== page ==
Yesterday I managed to build something in just a few hours in Zope 3 that I wouldn't have been able to build so easily in Zope 2. What I've built is an extended query system for the Zope 3 catalogs.
A sample query looks like this:
q = zapi.getUtility(interfaces.IExtendedQuery) t1 = ('catalog', 'fulltext') a1 = ('catalog', 'a1') r = q.searchResults(And(Text(t1, 'foo'), InSet(a1, [1, 2]))
which, providing the given catalog indexes exist, returns all objects that have attribute a1 set to either 1 or 2, and have 'foo' in their fulltext. All kinds of nice operators exist, such as Equals, NotEquals, InRange and InSet, and you can combine them nicely using And and Or. It also ought to work over multiple catalogs.
It's not the most efficient implementation, but performance should be decent enough, and all this just took a few hours to put together and is a few pages of code. In Zope 2 this would've caused me intense headscratching and I'd certainly not be done yet.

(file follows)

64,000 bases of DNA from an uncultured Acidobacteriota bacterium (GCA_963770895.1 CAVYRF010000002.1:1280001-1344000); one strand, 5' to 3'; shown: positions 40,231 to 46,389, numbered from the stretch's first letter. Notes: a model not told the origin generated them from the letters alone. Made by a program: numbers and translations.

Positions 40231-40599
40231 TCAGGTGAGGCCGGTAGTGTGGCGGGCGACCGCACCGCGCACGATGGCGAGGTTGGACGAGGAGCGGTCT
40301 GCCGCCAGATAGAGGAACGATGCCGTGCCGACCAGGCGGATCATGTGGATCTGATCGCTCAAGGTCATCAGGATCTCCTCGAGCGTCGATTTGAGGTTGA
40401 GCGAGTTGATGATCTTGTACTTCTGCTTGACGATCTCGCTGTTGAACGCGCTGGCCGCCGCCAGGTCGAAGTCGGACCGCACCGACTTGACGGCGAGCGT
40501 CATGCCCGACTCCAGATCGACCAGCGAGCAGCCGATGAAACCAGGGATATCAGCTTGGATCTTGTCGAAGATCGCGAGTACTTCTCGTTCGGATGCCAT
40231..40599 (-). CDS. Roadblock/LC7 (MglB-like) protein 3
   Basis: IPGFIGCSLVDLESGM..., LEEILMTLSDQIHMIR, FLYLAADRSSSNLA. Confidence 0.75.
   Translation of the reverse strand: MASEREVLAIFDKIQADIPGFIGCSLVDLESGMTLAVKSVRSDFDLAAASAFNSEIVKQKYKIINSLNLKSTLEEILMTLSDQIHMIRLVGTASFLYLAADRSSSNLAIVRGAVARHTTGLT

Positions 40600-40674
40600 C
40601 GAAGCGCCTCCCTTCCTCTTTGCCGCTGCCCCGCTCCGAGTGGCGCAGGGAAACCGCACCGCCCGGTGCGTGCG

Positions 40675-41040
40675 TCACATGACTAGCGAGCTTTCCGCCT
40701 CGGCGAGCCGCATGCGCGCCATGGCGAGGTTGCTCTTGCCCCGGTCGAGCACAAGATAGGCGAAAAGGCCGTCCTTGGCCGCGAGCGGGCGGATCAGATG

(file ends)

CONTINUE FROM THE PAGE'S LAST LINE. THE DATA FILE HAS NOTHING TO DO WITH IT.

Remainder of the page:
Why was this so easy in Zope 3? I think there are two reasons:
- clean implementation of the catalog makes its code fairly easy to read and thus write similar code. The catalog implementation in Zope 2 is a horror to try understanding, in Zope 3 it really is surprisingly easy. This pattern holds for much of the Zope 3 code base.
- Zope 3 gives every object an integer id using the IntIds utility, which helps making the catalog so clean. IntIds rock!
The code is hidden in a customer project right now. It's easy to extract and I'll look into extracting this so other people can take a look at this in the coming weeks.